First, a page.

Sizing Bracelets Allowing for Size of Beads?

by Aline Huntly.

Sizing Bracelets Allowing for Size of Beads?  - Discussion on Jewelry Making Journal

I have noticed that when I make a 7″ bracelet using 8mm beads it is much more snug on my wrist than if I make a 7″ bracelet with 4mm beads.

So I am hoping that there are some guidelines for allowing for this difference.

I have just started selling bracelets online so I really need to figure this out.

Can you advise? Thanks!

Aline Huntly

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  • Christie Murrow says:

    The best tool I have is the bracelet measuring tool. You’re dealing with diameter here, and so the fit will be vastly different when the bead size varies. This simple tool allows me to see exactly how big the bracelet is, and size it accordingly.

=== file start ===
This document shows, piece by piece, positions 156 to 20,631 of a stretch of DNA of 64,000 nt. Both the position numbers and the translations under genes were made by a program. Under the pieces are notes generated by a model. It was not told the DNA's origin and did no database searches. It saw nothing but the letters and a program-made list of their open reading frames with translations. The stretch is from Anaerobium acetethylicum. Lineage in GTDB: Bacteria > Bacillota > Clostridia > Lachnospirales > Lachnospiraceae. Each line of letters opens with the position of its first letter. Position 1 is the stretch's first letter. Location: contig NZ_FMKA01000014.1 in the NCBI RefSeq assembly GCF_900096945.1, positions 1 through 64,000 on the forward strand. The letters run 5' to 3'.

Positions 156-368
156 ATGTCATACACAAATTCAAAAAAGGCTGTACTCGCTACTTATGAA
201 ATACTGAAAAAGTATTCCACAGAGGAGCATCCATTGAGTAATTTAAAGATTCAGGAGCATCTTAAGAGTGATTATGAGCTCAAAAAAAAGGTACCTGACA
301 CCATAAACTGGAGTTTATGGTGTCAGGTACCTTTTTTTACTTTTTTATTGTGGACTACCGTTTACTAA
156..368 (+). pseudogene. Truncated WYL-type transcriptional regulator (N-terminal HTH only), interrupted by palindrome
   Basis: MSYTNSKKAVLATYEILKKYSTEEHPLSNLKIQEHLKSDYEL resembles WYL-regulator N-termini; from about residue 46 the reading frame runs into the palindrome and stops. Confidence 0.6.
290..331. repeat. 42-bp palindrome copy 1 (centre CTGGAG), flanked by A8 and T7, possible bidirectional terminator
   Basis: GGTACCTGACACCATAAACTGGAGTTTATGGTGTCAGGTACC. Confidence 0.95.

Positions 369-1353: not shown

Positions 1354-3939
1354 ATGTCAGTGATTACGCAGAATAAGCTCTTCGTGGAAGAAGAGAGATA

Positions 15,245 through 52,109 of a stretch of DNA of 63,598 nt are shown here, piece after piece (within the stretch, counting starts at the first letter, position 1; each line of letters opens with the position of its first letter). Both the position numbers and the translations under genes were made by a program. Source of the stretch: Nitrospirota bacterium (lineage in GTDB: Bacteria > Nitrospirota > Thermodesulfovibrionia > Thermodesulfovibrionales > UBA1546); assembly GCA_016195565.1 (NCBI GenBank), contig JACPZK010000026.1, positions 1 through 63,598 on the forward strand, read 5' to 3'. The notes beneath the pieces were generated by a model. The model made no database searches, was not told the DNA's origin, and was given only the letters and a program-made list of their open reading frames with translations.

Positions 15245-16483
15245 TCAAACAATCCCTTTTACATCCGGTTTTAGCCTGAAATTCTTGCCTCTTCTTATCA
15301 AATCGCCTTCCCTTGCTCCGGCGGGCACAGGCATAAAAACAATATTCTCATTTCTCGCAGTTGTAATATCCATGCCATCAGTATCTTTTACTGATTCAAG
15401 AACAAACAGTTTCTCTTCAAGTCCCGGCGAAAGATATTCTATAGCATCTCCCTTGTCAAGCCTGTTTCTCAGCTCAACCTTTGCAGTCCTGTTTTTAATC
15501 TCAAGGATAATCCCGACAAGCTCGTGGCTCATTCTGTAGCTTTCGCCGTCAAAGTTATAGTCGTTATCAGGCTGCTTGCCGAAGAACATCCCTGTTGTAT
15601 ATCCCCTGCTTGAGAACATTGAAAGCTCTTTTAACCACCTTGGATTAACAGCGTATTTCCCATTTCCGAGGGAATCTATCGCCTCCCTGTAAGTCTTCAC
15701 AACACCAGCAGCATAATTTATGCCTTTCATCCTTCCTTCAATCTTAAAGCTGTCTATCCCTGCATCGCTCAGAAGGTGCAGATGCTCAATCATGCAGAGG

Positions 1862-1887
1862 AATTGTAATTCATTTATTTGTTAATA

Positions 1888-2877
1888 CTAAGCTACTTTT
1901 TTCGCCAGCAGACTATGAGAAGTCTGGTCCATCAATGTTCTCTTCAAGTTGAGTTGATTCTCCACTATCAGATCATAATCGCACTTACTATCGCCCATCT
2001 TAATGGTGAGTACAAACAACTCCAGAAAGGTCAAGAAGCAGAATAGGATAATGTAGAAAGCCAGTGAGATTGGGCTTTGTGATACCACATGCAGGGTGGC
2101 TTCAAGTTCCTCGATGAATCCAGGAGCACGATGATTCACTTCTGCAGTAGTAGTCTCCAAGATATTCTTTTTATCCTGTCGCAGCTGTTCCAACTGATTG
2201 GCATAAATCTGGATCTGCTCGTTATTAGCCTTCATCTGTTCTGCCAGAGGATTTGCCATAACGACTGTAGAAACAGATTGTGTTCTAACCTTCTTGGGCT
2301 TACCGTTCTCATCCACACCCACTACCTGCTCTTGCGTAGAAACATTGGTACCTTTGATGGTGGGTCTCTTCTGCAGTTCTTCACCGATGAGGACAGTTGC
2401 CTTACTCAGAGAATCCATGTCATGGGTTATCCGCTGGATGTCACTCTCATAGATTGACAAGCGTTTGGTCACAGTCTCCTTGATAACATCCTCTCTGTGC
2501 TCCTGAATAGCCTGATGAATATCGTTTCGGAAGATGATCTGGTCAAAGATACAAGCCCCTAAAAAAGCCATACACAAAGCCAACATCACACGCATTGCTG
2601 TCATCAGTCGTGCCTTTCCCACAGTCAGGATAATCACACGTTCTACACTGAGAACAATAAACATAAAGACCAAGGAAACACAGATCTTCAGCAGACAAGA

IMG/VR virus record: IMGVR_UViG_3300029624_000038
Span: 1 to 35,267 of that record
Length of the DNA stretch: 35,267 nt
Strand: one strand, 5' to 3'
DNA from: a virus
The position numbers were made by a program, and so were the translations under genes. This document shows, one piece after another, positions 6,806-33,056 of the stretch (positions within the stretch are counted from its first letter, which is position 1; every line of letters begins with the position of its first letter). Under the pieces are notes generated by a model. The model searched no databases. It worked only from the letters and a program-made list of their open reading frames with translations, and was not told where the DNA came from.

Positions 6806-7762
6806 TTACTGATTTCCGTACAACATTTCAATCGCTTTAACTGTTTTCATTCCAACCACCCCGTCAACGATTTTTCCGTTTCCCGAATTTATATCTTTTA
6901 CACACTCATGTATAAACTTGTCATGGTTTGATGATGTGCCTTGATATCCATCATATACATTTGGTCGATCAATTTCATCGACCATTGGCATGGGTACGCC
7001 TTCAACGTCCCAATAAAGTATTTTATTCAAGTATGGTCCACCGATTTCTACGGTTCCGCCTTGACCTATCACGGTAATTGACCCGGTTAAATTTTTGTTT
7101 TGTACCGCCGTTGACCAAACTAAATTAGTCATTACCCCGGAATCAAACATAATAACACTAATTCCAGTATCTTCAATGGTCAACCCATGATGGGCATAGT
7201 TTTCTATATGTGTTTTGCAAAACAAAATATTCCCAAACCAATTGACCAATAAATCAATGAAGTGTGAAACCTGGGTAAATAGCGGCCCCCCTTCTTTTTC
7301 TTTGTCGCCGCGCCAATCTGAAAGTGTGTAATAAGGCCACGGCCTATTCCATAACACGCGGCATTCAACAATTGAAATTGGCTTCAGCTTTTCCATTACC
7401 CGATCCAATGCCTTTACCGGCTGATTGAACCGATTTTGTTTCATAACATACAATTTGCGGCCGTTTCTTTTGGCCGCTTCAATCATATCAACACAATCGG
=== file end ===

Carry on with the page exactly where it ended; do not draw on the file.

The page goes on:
Good luck!

  • Hi, Aline, I use myself as a mandrel. I know that my normal wrist size is an average medium. I know that about an inch or a little more down my hand below my wrist will fit a men’s average 8″ diameter. I size bracelets on my own wrist that I make on spec to go on the table and write S if it’s tight on me, M if it’s perfect on me, and L if it sits an inch or so down my wrist on the label.